Erythrocyte Sedimentation Rate

Other names: ESR

The erythrocyte sedimentation rate test is used to measure inflammation in the body; it involves measuring the sedimentation (fall) of erythrocytes (red blood cells) in a long, thin tube filled with blood. Normally, red blood cells fall slowly, but the speed may be increased by the presence of increased levels of certain proteins, including immunoglobulin and fibrinogen, which are released when inflammation is present.

When is the test used?

The ESR is an effective, inexpensive test which can be used to help diagnose both acute and chronic inflammation and conditions which are associated with inflammation, including cancer, autoimmune diseases and certain types of infection. The ESR test is usually ordered alongside other tests, as it is not generally suitable for diagnosing specific conditions and infections; however, it is useful in diagnosing two specific conditions: polymyalgia rheumatica (a condition which causes stiffness and pain in the shoulders and neck and other parts of the body; it is most common amongst women over the age of 50) and temporal arteritis (inflammation of the arteries in the head).

The test is usually ordered when a doctor suspects that a patient has polymyalgia rheumatica or temporal arteritis; symptoms include headaches, neck and shoulder pain, stiffness, anaemia, unexplained weight loss and pain in the pelvis.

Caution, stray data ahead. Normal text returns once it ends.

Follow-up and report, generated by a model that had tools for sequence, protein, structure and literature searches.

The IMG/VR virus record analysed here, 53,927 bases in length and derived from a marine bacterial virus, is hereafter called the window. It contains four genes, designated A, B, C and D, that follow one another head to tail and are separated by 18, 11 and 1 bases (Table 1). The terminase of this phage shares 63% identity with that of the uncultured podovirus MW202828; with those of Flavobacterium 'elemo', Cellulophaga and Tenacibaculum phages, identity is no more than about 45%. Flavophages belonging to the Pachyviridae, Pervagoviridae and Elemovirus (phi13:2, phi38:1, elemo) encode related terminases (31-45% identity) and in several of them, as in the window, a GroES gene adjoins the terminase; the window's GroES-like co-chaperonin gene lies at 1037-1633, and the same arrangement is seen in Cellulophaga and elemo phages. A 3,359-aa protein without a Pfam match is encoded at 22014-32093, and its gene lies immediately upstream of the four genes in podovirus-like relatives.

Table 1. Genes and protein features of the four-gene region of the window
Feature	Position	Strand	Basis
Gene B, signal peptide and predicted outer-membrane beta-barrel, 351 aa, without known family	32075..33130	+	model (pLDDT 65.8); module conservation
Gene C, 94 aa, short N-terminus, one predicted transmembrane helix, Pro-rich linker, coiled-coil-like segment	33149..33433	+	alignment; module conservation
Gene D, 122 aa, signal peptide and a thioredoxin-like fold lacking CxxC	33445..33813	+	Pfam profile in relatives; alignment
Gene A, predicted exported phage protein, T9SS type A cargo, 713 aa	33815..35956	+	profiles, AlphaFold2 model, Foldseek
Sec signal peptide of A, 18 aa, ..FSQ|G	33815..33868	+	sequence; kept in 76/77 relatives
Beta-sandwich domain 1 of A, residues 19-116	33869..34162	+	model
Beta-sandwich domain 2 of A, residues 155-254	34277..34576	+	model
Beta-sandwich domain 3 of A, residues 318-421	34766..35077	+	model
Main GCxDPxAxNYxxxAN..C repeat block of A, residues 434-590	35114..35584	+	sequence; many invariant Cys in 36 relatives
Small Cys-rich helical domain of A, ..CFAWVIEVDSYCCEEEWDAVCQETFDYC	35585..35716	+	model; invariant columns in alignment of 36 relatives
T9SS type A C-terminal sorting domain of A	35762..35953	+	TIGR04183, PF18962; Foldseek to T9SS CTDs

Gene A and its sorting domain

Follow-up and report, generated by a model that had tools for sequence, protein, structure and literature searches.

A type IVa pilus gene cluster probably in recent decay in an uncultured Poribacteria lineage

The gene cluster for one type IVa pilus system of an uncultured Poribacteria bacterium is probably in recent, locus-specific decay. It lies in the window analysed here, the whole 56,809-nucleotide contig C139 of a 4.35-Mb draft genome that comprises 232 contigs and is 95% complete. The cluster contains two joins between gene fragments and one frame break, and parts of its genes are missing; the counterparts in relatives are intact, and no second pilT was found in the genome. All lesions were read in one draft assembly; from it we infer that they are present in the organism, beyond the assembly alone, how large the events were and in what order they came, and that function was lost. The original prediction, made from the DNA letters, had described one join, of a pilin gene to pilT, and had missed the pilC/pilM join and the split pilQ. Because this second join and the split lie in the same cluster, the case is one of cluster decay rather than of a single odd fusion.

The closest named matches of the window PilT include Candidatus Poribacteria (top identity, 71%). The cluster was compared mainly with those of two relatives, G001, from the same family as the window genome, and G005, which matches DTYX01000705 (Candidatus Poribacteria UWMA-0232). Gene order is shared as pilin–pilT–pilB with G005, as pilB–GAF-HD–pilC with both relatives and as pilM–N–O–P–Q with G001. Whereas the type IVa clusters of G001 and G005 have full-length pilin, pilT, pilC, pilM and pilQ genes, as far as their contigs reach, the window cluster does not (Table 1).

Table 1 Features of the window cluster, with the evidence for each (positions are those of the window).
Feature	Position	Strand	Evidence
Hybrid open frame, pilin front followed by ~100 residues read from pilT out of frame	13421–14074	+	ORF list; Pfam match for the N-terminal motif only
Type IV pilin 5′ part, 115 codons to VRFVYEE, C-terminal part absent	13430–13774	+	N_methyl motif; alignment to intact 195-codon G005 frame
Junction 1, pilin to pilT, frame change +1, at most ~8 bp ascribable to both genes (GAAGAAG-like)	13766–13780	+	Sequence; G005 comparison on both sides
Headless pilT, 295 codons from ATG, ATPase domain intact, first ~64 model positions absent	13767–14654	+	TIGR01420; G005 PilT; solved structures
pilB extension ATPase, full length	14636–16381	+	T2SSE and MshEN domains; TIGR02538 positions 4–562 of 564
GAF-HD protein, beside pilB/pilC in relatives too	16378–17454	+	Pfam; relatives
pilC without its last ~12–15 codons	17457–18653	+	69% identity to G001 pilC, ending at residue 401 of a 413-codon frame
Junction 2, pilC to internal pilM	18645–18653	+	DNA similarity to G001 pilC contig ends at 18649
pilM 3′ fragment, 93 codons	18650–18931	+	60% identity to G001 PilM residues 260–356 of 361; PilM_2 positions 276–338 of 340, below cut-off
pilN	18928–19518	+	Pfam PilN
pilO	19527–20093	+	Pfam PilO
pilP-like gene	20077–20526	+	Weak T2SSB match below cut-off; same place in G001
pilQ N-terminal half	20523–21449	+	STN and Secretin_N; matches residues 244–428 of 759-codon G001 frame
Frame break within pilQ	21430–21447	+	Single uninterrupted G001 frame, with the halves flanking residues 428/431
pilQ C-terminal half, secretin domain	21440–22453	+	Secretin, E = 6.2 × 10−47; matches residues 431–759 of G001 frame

How is the test done?

The test is performed by inserting a needle into a vein in the arm (usually on the inside of the elbow as the veins are more prominent here), drawing out the blood and collecting it in a syringe. Once the sample has been collected, it will be bottled, labelled with the patient’s name and sent away to the laboratory for testing.

What do the test results mean?

If levels of ESR are very high, this usually indicates the presence of an infection. If levels are higher than usual, this usually indicates inflammation; however, high levels may also be associated with anaemia and pregnancy. Old age may also cause ESR results to rise. Further tests will be carried out to help the doctors reach an accurate diagnosis.

Low levels of ESR are not usually considered a problem; however, they may be associated with polycythaemia, which occurs when a patient makes too many red blood cells.

Specific Blood Tests

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